Sign up for Our Newsletter

Big Ben: The Great Clock and the Bells at the Palace of Westminster

Review by:  Dominic Janes, University of London

Chris McKay. Oxford: Oxford University Press, 2010. 288 pp. $75 (hardcover).

 A history of the clock tower at the Houses of Parliament in London is a very worthy enterprise. Big Ben, the largest bell in the tower is amongst the most famous bells in the world, just as the tower itself is the most well-recognised aspect of one of the most iconic buildings on the planet. For many decades in the nineteenth century Britain was arguably the most powerful nation in the world, and Big Ben was set at its conceptual heart. There had been a series of clock towers at the Palace of Westminster before, but Pugin’s conception, in the wake of the great fire of 1834, was simply audacious in its heroic medievalism. Moreover, as McKay is keen to emphasise, the mechanics behind the construction of the Great Clock and Big Ben were expressive of British technical pre-eminence. The Clock was expected to perform to very high standards of accuracy. Together with the contemporary advancement of Greenwich Mean Time, this was intended to assert the centrality of Britain not simply in space but also in time. The empire, and indeed, the world, was intended to look to London in order to be up to date.

 The book is well organized and abundantly illustrated. There is also extensive quotation of fascinating archive material and reportage. The author is careful to distinguish, as indeed he must be, Big Ben, from the other bells, and the Great Clock from the clock tower. We are treated first to a tour of the tower as it stands today, before a brief outline of the history of the Palace is provided. After this, the construction of the Great Clock is explored in detail, as is, in some of the most dramatic sections, the casting and re-casting of Big Ben. The material here gives a lively sense of mid-Victorian cultural politics as well as providing superbly detailed testimony to the horological excellence of the time. The remaining chapters, on the later history of the bells and Clock appear to have been written more from secondary materials and lack the same sense of engagement, whilst the final brief material on ‘iconic Big Ben’ would have merited a full-length study in its own right.

The volume consists of an, at times, highly technical core, surrounded by a populist shell and lacks a proper apparatus of references. Even though there is a glossary, there is, therefore, a slight suspicion that the general reader will be bored and a little mystified by such information as:

the locking blocks were moved much higher up the gravity arms to positions 60o each side of the vertical rather than on each side of the escape wheel, as was used in the three legged-version. The moving of the locking block’s positions presented a problem: when one tooth of the escape wheel was locked on the left-hand gravity arm, the locking block on the right-hand arm would foul on an escape wheel tooth. The solution was simple: provide two separate escape wheels, one for each gravity arm… (p. 146).

 The specialist, on the other hand, might be frustrated at the absence of references that link to the bibliography. Furthermore, comments such as ‘long may Big Ben continue to serve and represent the British nation!’ (p. 4) and ‘apart from being the Nation’s icon, Big Ben also represents Westminster with all its meaning of history, Parliament, democracy and free speech’, do not suggest a fully critical engagement with the context of this monument as a work of national, and indeed, imperial, self-assertion.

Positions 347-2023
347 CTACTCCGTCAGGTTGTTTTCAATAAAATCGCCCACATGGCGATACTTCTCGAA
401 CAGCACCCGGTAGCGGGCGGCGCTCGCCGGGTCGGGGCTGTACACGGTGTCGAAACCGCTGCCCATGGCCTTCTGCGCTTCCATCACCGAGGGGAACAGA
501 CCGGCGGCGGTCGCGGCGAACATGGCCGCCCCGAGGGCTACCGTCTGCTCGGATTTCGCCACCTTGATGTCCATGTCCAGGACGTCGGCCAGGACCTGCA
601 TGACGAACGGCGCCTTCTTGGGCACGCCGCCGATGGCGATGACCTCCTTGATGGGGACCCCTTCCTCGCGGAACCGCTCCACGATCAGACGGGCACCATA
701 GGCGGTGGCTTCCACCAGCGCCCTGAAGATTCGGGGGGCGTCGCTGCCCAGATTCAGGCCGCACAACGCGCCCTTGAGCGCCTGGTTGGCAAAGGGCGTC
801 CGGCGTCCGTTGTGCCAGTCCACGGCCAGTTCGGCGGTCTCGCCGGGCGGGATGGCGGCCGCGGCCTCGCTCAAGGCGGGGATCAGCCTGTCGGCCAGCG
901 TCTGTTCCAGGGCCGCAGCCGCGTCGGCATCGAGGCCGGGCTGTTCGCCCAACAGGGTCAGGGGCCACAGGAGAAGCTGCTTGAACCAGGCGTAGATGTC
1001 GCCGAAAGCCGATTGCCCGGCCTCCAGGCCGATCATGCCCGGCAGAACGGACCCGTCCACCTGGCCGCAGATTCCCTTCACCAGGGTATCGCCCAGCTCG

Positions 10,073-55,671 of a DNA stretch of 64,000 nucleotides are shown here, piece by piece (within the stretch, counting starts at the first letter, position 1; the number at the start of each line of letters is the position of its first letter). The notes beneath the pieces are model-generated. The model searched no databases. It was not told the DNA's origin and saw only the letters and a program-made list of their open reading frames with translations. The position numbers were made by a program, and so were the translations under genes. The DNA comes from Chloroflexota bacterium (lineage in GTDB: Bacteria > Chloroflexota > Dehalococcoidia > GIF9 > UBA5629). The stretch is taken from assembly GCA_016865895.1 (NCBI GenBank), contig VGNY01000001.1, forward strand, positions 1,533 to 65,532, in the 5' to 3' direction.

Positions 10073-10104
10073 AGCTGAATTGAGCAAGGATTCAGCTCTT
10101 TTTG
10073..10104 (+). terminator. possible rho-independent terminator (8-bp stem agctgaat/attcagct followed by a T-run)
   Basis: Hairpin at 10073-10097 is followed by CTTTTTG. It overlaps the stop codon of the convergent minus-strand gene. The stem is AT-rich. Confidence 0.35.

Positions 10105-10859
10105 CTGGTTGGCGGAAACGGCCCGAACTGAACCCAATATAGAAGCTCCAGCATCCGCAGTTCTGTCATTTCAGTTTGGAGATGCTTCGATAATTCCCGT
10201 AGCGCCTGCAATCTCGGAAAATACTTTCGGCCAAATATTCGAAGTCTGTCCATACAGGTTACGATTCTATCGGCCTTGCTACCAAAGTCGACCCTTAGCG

After all, there were many people in Britain and beyond it who had good reason to question the moralizing bombast that Barry and Pugin’s building represented. Some of the most interesting material in this volume comes in relation to the darker aspects of this story as acted out through rows, demotions, disputes and faults. The first Big Ben cracked so badly that it had to be recast, and even the second bell was metallurgically flawed. Contemporary evidence, abundantly quoted in this volume, suggests that Honorable Members were less than impressed. Hansard reported a debate in Parliament in which Mr Hankey asked ‘whether there was any chance of the bell sounding more like ordinary bells. At present it inflicted great annoyance on the public and the House’, and Sir John Parkington suggested that the lighted dials of the clock would suffice for telling the time and that, therefore, ‘the horrible tolling should cease’ (p. 161).

This volume does two things very well: it provides a detailed technical account of the construction of the Great Clock and of the castings of Big Ben, and it inspires the reader to know much more about the cultural context. Its best material provides detailed engagement with the dramatic – and expensive – business of installation in the mid-nineteenth century. The story of the maintenance of the mechanism is, perhaps inevitably, less compelling. And yet this is where the importance of understanding the cultural context becomes pressing. As the Big Ben chimes made their way onto the BBC, and as British democracy faced its greatest challenge in World War Two, the Great Clock and the Bells were transformed from evidences of ascendant ambition into symbols of heroic resistance to tyranny. It is the latter story, perhaps more than the former, which will attract many of the potential readership of this book. What they find will whet, if not quite satisfy, their appetites.

This entry was posted in Book of the Month. Bookmark the permalink. Both comments and trackbacks are currently closed.

One Trackback

  1. By April 2011 on April 19, 2011 at 7:51 pm

    […] Us « March 2011 Big Ben: The Great Clock and the Bells at the Palace of Westminster » April 2011 By bryanglass | Published: April 1, […]